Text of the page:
Fritz Duras

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Fritz Duras (born April 19, 1896 in Bonn , † March 19, 1965 in Genoa , Italy ) was a doctor , sports medicine specialist and sports scientist . Persecuted in Germany for his Jewish origins, he became the founder of sports science in Australia .


When Fritz Levi, the son of a Jewish lawyer, was born, he took on his mother's maiden name after his father's death, and after graduating from high school at the Königlich-Prussisches Gymnasium Bonn (now Beethoven-Gymnasium Bonn ) he volunteered in the Prussian Army in 1915 he received the Iron Cross and was promoted to lieutenant in 1918 . After the end of the war he studied medicine at the University of Freiburg , where he passed the state examination in 1922, worked in various functions in the university clinic and received his doctorate in 1926 (dissertation: studies on the angle of inclination of the heart ). The basis for this was his studies in university sports ( results of the medical student examination at the University of Freiburg i. Br. In the winter semester 1925/26, compared with the results of the winter semester 1924/25 and the summer semester 1925 ), which is why he began to teach in this field. From 1929 to 1933 he became the director of the Institute for Sports Medicine and deepened the Freiburg-based close connection between the clinic and sport. During his studies he was a successful ski jumper .

In 1933 he had to leave the civil service due to the anti-Semitic provisions in the Law for the Restoration of the Professional Civil Service. He first settled as a general practitioner in Todtnauberg ( Black Forest ), which he knew well from ski jumping, before he was able to move to England with the help of the Academic Assistance Council . Here he improved his English and accepted the offer to lead the first (and only) one-year PE teacher course at the University of Melbourne (Australia) in 1937 and teach essential parts of it himself. He had transferred the curriculum from corresponding training courses in Germany and tailored it to his needs, so that sports medicine and sports history were the main theoretical fields. The position was funded by the Carnegie Foundation for two years . In 1939 he was given a permanent position as Senior Lecturer and extended the training to two years. In 1945 he passed the exams for Master of Education , in 1954 promoted to professor .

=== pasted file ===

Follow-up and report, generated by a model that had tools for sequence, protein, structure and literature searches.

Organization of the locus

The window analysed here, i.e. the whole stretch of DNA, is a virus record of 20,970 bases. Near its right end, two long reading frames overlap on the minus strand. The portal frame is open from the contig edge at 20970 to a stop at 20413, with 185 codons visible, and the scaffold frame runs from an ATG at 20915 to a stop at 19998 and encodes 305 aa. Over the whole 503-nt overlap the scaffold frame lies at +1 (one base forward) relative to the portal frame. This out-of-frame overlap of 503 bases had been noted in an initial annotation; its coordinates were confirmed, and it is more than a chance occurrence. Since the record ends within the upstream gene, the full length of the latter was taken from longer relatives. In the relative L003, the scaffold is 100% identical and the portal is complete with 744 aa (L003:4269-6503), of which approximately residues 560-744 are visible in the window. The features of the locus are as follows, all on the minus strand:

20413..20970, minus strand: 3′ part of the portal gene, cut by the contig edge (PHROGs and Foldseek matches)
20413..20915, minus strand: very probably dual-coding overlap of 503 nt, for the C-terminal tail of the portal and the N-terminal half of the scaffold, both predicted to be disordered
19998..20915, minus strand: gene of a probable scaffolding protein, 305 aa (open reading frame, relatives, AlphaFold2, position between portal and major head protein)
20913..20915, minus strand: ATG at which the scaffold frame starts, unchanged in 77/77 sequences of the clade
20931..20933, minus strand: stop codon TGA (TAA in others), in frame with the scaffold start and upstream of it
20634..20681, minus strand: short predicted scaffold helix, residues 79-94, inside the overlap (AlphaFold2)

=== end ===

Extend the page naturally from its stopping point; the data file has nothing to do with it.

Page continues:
In 1956 he organized the science congress on the occasion of the Summer Olympics , to which 350 participants came from all five continents. They decided to found a world association for sports science and commissioned Duras to prepare it. He became the first president of the World Council on Sports Science and Physical Education (ICSSPE / CIEPPS). In the same year, a change in the law also recognized foreign equivalent qualifications in Australia, so that he was allowed to practice as a doctor again. On the occasion of the Olympic Games, the University of Melbourne built the Beaurepaire Center for Sport and Sport Science , of which he was director until his retirement in 1962. During a trip to Europe he died on the train outside Genoa and was buried in Freiburg.


Web links

Individual evidence

  1. Angelika Uhlmann: The sports physician Fritz Duras (1896-1965) - German pioneer of "physical education" in Australia, in: Emigrantenschicksale. Influence of Jewish emigrants on social policy and science in the receiving countries, ed. by A. Scholz and C.-P. Heidel, Frankfurt / Main 2004, pp. 201-218.
  2. ^ Arnd Krüger : Gymnastics and gymnastics lessons at the time of the Weimar Republic. Basis of today's misery in school sports? In: Arnd Krüger & Dieter Niedlich (eds.): Causes of the school sport misery in Germany: Festschrift for Konrad Paschen. Arena Publications, London 1979, ISBN 0-902175-37-8 , pp. 13-31.
  3. ^ Gertrude F. Kentish: Fritz Duras, the Father of Physical Education in Australia. Canberra: Australian Council for Health, Physical Education and Recreation, 1984. ISBN 0-909120-37-4